Although easier to do it in a fiction piece than an autobiographical one, it would be interesting to see a coming-of-age novel in a modern setting with alternate chapters written about the same events from a parent’s and a young adult’s perspectives. More commonly such different perspectives have been brought out during a courtroom examination or through the use of internal or external dialogues. In a play one half of the stage could be lit with the parent telling his/her version of the story and the other half with the child presenting his/her perspective – alternating back and forth, rather than doing the typical scene changes. Maybe someone has done such a play,  but I don’t know of one. That would be an interesting piece of stagecraft.

Sons apprenticing at their father’s shops is customary in many cultures, but now the modern-day mix would also include daughters working with their dads and mothers instructing their sons.  This system is predicated on the proposition that that the kids want to do the same things that their parents did, which is commonly not the case. They may learn the skills while they are young, but break away as soon as possible to discover their own interests. Some will occasionally return to the same jobs held by their ancestors for generations, but with new insights on how to do those tasks faster, easier and more profitably.

Several successful family-owned companies in the outdoor industry have a policy that if a young family member wants to be in the family business they must get their college degrees in some useful field, work outside of the industry for a period of years and then be invited in as a junior member of the company. No one automatically gets a job just because he is the son or grandson of the company’s founder.  He has to prove his worth to his uncles, aunts and cousins before he can advance in the company.

At the end of his working career the company founder needs to take account his possible successor within the family and the loyal workers within the company. Perhaps none of his relatives want the responsibility or can handle the challenges of running a company. The founder can sell his company to an employee or employees, close it and dispose of its assets or just do nothing.  There is no reason to saddle a person with a company who does not want it and will not run it well. It is far better to sell it off while it is prosperous  than after it has failed and has a much-depreciated value.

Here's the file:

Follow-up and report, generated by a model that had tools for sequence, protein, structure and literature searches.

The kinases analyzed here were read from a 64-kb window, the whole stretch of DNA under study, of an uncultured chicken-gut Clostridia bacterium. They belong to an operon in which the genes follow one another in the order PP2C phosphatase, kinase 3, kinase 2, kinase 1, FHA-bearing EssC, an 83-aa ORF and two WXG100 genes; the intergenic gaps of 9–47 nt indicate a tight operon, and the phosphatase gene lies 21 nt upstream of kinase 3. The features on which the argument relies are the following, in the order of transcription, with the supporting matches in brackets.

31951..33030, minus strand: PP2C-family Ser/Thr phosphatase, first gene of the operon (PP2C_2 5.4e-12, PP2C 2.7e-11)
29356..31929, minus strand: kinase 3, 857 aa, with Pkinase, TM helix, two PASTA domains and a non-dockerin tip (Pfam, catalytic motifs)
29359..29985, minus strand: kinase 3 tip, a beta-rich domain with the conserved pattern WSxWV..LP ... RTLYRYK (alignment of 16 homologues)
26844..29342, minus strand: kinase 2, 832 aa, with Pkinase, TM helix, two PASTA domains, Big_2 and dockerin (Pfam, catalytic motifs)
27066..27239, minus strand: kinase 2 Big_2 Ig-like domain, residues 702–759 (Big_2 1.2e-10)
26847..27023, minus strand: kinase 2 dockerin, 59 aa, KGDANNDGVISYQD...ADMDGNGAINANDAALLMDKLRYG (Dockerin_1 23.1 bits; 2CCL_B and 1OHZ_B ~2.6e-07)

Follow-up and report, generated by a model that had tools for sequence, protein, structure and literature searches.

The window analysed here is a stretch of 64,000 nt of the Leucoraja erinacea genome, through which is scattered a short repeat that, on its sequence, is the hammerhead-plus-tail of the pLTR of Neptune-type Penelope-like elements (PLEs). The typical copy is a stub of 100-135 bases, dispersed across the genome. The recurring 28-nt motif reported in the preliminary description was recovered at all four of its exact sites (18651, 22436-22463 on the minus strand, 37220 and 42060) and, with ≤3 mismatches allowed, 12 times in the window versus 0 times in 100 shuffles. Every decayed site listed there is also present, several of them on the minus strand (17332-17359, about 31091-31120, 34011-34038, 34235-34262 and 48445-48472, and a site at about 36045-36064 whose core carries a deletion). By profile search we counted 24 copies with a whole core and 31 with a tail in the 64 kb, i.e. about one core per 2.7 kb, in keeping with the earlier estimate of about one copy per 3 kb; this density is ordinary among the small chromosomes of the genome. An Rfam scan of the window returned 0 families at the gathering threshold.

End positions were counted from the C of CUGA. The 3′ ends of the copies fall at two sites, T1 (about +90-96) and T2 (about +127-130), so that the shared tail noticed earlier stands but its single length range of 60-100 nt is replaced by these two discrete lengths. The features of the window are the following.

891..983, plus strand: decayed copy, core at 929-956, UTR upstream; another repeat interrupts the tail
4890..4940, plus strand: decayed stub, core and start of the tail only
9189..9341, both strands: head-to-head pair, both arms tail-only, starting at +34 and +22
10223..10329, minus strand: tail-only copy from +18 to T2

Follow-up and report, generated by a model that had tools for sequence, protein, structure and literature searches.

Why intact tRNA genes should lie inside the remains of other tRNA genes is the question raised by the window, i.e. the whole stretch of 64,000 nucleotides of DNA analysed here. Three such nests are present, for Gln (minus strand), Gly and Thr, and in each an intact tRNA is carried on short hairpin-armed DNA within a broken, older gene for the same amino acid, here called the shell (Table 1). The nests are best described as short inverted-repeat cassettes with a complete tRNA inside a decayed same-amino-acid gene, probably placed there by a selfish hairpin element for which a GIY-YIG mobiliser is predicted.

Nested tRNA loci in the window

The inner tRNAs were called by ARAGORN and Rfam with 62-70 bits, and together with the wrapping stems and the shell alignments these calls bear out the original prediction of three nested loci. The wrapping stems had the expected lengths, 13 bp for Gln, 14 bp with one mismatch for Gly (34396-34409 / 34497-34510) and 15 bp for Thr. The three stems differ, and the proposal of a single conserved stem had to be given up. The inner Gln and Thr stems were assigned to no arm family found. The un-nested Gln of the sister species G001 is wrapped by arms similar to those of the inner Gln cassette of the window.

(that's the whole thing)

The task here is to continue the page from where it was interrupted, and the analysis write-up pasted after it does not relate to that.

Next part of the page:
These and many more business concepts are discussed in my forthcoming book, Create Your Own Job Security: Plan to Start Your Own Business at Midlife.” This book will be available in August and advanced orders may be made using the Pay Pal button below. This offer includes my autograph and free shipping. If you buy only one business book in your lifetime, this should be the book. This is an outrageous statement for me to make. I challenge you to see if it is so.

I am accepting advance orders for my new business book, Create Your Own Job Security: Plan to Start Your Own Business at Midlife,  which may be made by using the PayPal button below. I also have a Bonus Offer that includes a Free e-mailing of the Table of Contents, Preface and a Book Chapter, Love Your Work and Live Longer. There is also a Super Bonus for the first 25 to respond which is a Free 15-minute telephone consultation.  To receive either reply below and describe what you would like to receive or discuss. I will arrange a time and date for the consultation.

Create Your Own Job Security

Generally available for special promotion price of $10.99.